|Publication number||US4425827 A|
|Application number||US 06/351,462|
|Publication date||Jan 17, 1984|
|Filing date||Feb 23, 1982|
|Priority date||Feb 23, 1982|
|Publication number||06351462, 351462, US 4425827 A, US 4425827A, US-A-4425827, US4425827 A, US4425827A|
|Inventors||Lawrence E. Wells|
|Original Assignee||Varco International, Inc.|
|Export Citation||BiBTeX, EndNote, RefMan|
|Referenced by (10), Classifications (8), Legal Events (6)|
|External Links: USPTO, USPTO Assignment, Espacenet|
This invention relates to improved pipe spinners for turning one section of well pipe rapidly relative to another in order to spin the sections into or out of threaded engagement.
The spinners of the present invention are of a known general type including a series of rollers adapted to engage a well pipe at different locations about its periphery in a relation gripping the pipe between the rollers and then driving it rotatively by powered rotation of one or more of the rollers. Copending application Ser. No. 06/257,105 filed Apr. 24, 1981 by Boyadjieff et al. on "Pipe Spinning Tool" shows such a spinner in which two body parts carry rollers at opposite sides of a pipe and are mounted by two pivotal connections for swinging movement about two different axes to move the rollers toward and away from one another and between a closed position of gripping engagement with a pipe and an open position releasing the pipe from engagement with the rollers. In that prior arrangement, the two pivotal connections are desirably attached together by an adjustable connection capable of shifting the two pivotal connections and their axes toward and away from one another and thereby adjusting the spinner for optimum driving engagement with pipes of different sizes. The adjustable connection for varying the spacing between the two pivotal axes preferably includes interengaging threaded parts designed to shift the two axes relative to one another upon rotation of one of the threaded parts. More particularly, the adjustable connection may include two nuts attached to the two pivotal connections respectively and having right-hand and left-hand threads respectively engaging corresponding right-hand and left-hand threads of a third element which acts upon rotation to move the two nuts relatively toward or away from one another.
The present invention provides an improved arrangement for suspending a pipe spinner of the above discussed general type from a suspending line or the like in a manner effectively balancing the weight of the spinner in the various different adjusted positions of the pipe gripping parts, and doing so with an extremely simple structural arrangement designed to avoid complexities which might detract from the effective operation and long-term reliability of the tool on a rig.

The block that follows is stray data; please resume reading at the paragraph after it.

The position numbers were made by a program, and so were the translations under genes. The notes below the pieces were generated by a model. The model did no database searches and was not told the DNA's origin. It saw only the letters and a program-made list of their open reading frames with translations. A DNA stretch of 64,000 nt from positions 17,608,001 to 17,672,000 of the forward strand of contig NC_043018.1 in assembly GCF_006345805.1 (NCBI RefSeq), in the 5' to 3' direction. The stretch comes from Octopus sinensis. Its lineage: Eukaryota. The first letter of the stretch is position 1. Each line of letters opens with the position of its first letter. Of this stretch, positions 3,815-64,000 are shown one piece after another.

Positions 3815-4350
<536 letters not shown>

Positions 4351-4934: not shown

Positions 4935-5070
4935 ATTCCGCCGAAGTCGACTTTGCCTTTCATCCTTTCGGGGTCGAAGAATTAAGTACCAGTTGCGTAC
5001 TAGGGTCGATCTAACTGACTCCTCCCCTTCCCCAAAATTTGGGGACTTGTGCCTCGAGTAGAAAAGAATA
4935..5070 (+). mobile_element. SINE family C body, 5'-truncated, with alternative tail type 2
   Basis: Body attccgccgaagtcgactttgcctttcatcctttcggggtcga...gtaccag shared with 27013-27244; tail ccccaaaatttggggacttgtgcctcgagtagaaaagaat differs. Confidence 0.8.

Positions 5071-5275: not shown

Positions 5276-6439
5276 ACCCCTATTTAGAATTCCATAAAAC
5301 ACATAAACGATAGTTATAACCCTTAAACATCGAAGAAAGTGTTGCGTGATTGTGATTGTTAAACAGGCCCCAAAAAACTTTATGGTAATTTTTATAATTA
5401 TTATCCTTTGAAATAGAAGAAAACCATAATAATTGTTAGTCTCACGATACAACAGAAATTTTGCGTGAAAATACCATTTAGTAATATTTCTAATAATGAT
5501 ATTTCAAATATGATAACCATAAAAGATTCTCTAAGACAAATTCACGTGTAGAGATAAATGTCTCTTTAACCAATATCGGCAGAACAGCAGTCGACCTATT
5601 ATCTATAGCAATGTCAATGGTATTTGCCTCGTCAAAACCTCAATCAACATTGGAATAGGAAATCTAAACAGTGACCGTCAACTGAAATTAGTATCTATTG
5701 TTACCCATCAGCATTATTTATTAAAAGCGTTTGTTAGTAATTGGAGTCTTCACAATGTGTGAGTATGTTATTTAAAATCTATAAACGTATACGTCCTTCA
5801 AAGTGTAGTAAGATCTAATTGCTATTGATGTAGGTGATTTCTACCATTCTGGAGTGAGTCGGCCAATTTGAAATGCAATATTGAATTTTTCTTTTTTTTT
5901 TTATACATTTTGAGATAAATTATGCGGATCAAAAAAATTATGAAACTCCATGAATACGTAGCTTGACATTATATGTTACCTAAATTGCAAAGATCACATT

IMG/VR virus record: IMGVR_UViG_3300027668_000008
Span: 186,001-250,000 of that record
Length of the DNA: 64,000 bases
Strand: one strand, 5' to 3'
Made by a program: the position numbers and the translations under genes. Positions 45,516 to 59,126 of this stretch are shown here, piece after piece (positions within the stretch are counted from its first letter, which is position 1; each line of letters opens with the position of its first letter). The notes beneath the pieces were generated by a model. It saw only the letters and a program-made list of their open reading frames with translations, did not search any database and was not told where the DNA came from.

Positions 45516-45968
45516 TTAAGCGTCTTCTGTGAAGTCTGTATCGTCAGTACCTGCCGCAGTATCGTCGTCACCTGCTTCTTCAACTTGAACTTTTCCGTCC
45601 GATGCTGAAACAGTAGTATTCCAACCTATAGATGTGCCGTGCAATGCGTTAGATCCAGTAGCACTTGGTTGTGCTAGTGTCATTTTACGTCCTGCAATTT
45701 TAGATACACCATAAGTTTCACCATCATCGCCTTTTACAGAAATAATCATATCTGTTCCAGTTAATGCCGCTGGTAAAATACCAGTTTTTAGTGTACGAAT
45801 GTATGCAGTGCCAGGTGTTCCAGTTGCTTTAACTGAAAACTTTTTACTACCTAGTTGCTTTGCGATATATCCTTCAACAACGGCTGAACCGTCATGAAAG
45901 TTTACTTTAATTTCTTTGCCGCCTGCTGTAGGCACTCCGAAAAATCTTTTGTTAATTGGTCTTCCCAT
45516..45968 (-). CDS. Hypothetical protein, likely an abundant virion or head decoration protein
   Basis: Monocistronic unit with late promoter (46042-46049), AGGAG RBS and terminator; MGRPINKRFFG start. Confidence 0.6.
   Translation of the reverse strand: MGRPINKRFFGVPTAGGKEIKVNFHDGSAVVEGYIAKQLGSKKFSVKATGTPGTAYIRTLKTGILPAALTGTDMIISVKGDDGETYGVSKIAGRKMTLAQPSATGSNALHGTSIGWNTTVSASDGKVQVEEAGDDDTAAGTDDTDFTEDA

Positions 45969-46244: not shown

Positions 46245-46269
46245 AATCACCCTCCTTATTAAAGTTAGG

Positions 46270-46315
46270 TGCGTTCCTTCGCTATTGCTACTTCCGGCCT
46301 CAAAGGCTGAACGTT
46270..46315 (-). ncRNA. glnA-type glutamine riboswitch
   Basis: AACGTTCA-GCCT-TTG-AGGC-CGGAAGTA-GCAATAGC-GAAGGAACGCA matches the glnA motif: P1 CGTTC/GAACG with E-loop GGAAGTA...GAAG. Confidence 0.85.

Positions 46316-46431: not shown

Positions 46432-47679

To achieve these results, a spinner embodying the invention is suspended from the discussed adjustable connection which joins the two pivotal connections for their relative shifting movement. Preferably, a hanger or support structure is connected to and supports one of the previously mentioned relatively adjustable threaded members, desirably the member having both right-hand and left-hand threads. The hanger structure may include a part disposed about such a member having right-hand and left-hand threads and located between two nut elements engaging and actuated by those right-hand and left-hand threads. An arm may extend upwardly at an inclination from the adjustable connection to a point directly above the center of gravity of the overall spinner for attachment to a suspending line at that point in a manner assuring proper balancing of the spinner in a horizontal active condition. The arm may be adjustable to slightly different inclinations for precisely locating the point of connection to the suspending line directly above the center of gravity of the tool.
The above and other features and objects of the invention will be better understood from the following detailed description of the typical embodiment illustrated in the accompanying drawings in which:
FIG. 1 is a side elevational view of a well pipe spinner constructed in accordance with the invention;
FIG. 2 is primarily a plan view of the FIG. 1 tool, taken on line 2--2 of FIG. 1;
FIGS. 3 and 4 are enlarged fragmentary vertical sections taken on lines 3--3 and 4--4 respectively of FIG. 2;
FIG. 5 is a reduced scale horizontal section taken primarily on line 5--5 of FIG. 4;
FIG. 6 is an enlarged fragmentary vertical section through one of the roller drive assemblies taken on line 6--6 of FIG. 2;
FIG. 7 is an enlarged fragmentary elevational view corresponding to a portion of FIG. 1; and
FIG. 8 is a fragmentary horizontal section taken on line 8--8 of FIG. 7.